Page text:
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Back to school also means back to the garden for some kids
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Back to school also means back to the garden for some kids

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Some teachers are preparing more than their classrooms for a new year of reading, writing and ‘rithmetic.

They’re also are prepping for gardening.

Five teachers say they don’t get paid to care for their campus gardens over the summer and often pay for supplies. But they do the work for the love of students and gardening.


Who: Sarah Grant, second-grade teacher at Craycroft Elementary School.

Summer gardening schedule: Inaccessible for three weeks.

Wish list: Gardening gloves for students.

Why she does it: “I want the kids to have a hands-on activity.”

Grant had students sow watermelon, tomato, zucchini and sunflowers at the end of last school year and some continued to garden during summer school.

Then the school closed and Grant couldn’t get in to keep up the garden. When she finally went back about three weeks before the start of classes, “I found clumps of grass about up to my knees,” Grant says.

She weeded on her own every day and grew tomato and bell pepper starts in her own garden. “Those will be ready to plant when the kids get back to school,” she says.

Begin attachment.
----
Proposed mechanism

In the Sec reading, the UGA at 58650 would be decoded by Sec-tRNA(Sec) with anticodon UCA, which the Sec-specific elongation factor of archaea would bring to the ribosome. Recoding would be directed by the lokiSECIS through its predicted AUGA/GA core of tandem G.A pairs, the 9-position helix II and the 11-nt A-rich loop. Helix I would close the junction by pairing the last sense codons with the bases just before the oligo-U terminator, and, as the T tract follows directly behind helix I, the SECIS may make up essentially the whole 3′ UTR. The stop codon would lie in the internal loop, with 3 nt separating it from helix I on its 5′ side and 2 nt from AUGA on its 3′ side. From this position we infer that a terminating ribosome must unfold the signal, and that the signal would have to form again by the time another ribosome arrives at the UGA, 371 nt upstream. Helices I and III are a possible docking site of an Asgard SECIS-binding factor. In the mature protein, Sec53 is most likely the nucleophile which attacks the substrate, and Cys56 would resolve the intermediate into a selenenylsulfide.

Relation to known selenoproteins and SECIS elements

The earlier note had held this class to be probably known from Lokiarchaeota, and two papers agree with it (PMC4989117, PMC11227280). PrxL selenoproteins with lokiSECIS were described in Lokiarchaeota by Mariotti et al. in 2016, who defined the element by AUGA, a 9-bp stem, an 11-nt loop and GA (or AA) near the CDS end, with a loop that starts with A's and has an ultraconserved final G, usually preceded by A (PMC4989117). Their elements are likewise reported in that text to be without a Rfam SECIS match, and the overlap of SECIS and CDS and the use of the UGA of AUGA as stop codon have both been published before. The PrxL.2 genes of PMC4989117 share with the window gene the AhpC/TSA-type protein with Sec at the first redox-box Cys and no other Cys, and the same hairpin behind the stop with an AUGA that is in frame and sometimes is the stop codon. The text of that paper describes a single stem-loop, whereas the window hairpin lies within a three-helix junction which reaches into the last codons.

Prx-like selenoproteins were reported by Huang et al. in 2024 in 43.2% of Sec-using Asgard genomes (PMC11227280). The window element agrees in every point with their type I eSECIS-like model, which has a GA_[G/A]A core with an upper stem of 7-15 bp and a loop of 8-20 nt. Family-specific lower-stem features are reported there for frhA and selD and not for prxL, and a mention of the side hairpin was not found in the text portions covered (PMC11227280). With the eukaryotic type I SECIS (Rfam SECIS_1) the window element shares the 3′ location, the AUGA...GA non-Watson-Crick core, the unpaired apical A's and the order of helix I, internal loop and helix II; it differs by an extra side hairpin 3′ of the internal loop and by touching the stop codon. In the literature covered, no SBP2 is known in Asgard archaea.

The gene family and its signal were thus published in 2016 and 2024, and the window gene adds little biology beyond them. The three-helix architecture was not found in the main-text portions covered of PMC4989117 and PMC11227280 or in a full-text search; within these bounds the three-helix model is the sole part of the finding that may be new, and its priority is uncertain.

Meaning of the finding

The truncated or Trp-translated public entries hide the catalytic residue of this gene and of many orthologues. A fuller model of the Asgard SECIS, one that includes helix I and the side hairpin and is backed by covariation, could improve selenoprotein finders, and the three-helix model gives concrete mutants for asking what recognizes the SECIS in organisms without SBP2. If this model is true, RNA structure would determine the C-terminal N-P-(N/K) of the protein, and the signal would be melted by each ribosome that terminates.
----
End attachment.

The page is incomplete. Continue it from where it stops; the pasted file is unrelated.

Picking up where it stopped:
The students tend the garden as well as write observations as part of their language arts lessons.


Who: Moses Thompson, Tucson Unified School District’s ecology and sustainability program coordinator focusing on Manzo Elementary School.

Summer gardening schedule: All summer, along with making repairs after vandals damaged the greenhouse and other facilities last spring.

Wish list: District funding of school gardens.

Why he does it: “It’s a real-world application of what (students) learn in the classroom.”

While Thompson has a districtwide job, he spends most of his time at Manzo. He developed its extensive gardening program that includes greenhouses, plant beds, a chicken coop, aquaponics and water harvesting.

He, another staff member and a teen volunteer have spent the summer gathering crops and eggs, maintaining the aquaponics system and caring for the chickens and fish.

Thompson developed a special planting calendar for teachers “so we can align our planting schedule to harvest everything by May and turn off the irrigation.”


Who: Molly Reed, outdoor learning teacher at Borton Magnet School.

Summer gardening schedule: The community garden was tended all summer. The gardens for individual classrooms were dormant.

Wish list: Benches for students to sit on while writing in science journals.

Why she does it: “To keep things alive and beautiful for the school.”

Reed and Mike Amundson, the school’s garden teacher, spent summer break maintaining the squash, eggplant, peppers, beans and other edibles that the children planted in May. The compost pile was left alone and someone adopted the chickens while school was out.